The species distribution of the LAB isolates is presented in Table 3.  Lactococcus lactis subsp. Lactis biovar diacetylactis (12 isolates), Streptococcus salivarius subsp. thermophilus (9 isolates), Lactobacillus brevis (9 isolates) and Leuconostoc mesenteroides ssp. dextranicum (8 isolates) were the species most frequently detected among the Lab isolates from “Lfrik”.  In similar products, Streptococcus infantarius subsp. infantarius and L. fermentum were found to be dominant LAB in “Gariss” [8]  while “Suusac” contained predominantly Streptococcus infantarius subsp. Infantarius, Lactococcus lactis subsp. lactis, and Streptococcus thermophilus [22]. Lactococcus lactis ssp. Diacetylactis (24.1%) was found as the dominant specie in raw camel milk obtained from South of Morocco [48].

Table 3: Species distribution of LAB isolated from “Lfrik”

Genus Species Isolates number
Lactococcus Lactococcus lactis subsp.cremoris 3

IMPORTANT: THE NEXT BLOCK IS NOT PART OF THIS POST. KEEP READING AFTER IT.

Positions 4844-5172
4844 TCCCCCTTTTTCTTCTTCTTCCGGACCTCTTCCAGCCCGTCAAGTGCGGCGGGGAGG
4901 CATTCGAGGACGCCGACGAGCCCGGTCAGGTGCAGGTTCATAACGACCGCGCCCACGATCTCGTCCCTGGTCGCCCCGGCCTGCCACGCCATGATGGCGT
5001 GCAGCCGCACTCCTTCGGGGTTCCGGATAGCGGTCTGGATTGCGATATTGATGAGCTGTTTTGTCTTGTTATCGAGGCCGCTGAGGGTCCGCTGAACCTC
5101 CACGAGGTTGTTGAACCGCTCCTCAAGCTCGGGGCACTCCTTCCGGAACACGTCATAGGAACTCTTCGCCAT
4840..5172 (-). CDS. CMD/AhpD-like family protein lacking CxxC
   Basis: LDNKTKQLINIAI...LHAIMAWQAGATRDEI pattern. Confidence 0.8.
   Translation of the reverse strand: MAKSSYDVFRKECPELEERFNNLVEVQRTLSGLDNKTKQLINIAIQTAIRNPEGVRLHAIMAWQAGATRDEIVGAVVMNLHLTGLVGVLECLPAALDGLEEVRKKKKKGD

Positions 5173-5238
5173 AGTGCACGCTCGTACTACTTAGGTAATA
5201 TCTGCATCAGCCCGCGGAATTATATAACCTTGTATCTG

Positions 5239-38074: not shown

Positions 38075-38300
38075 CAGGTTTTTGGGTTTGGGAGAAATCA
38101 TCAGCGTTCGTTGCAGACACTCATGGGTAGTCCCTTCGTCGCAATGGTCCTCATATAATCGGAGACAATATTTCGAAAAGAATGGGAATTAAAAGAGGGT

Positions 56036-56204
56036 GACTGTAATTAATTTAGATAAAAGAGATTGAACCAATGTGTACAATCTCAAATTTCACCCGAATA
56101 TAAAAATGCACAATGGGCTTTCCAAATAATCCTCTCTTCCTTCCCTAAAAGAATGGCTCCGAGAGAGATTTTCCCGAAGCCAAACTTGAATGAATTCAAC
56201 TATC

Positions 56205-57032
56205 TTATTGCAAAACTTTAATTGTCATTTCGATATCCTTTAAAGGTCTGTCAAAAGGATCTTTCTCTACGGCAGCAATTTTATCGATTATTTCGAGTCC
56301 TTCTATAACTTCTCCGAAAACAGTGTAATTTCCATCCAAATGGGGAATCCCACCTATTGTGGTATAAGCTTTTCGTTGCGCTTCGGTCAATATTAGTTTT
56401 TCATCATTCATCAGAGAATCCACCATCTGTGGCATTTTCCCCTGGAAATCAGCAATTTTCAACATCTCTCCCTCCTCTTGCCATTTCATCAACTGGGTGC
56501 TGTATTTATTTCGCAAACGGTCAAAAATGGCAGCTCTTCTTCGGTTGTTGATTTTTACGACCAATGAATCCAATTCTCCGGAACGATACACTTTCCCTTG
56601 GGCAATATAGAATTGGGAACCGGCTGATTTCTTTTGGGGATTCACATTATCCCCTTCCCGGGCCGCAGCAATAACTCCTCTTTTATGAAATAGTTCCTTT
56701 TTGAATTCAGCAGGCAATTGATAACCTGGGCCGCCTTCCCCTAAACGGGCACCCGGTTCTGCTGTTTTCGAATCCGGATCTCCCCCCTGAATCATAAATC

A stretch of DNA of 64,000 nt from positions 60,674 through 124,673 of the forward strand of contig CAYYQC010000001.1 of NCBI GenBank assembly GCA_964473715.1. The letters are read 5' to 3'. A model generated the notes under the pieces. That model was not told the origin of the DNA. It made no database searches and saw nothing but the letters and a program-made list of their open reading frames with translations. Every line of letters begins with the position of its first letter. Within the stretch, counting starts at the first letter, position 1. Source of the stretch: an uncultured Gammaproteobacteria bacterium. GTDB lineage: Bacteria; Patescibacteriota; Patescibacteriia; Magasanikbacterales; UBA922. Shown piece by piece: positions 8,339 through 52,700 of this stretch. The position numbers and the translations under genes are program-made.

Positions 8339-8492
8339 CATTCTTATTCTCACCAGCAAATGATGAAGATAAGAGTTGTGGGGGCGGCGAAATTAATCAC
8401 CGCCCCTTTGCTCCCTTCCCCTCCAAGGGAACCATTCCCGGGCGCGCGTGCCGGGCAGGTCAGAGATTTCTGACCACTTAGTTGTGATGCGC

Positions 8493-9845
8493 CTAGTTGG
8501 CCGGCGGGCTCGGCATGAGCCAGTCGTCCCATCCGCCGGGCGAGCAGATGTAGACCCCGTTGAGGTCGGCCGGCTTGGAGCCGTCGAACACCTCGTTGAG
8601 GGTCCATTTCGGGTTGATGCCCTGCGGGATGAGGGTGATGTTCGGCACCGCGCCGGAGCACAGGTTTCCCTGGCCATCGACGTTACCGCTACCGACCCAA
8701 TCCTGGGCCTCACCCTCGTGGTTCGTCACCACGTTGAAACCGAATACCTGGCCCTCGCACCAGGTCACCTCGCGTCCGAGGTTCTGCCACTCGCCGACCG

Lactococcus lactis subsp lactis .biovar diacetylactis 12
Lc. lactis subsp.hordnae 2
Lc.raffinolactis 3
Lc. Plantarum 3
Streptococcus Streptococcus Salivarius subso,thermophilus 9
Lactobacillus Lb.brevis  9
Lb.fermentum  5
Lb. delbrueckii subsp. bulgaricus : 3
Lb.delbrueckii subsp lactis  4
Lb. acidophilus 6
Lb. plantarum, 6
Leuconostoc Leuconostoc mesenteroides ssp. Dextranicum 8
Leuconostoc lactis 4

 

Conclusion

“Lfrik” is made by spontaneous fermentation of raw camel milk at room temperature in about 12 hours. Its acidity is significantly lower than the one obtained in the traditional fermented cow milk “Lben”.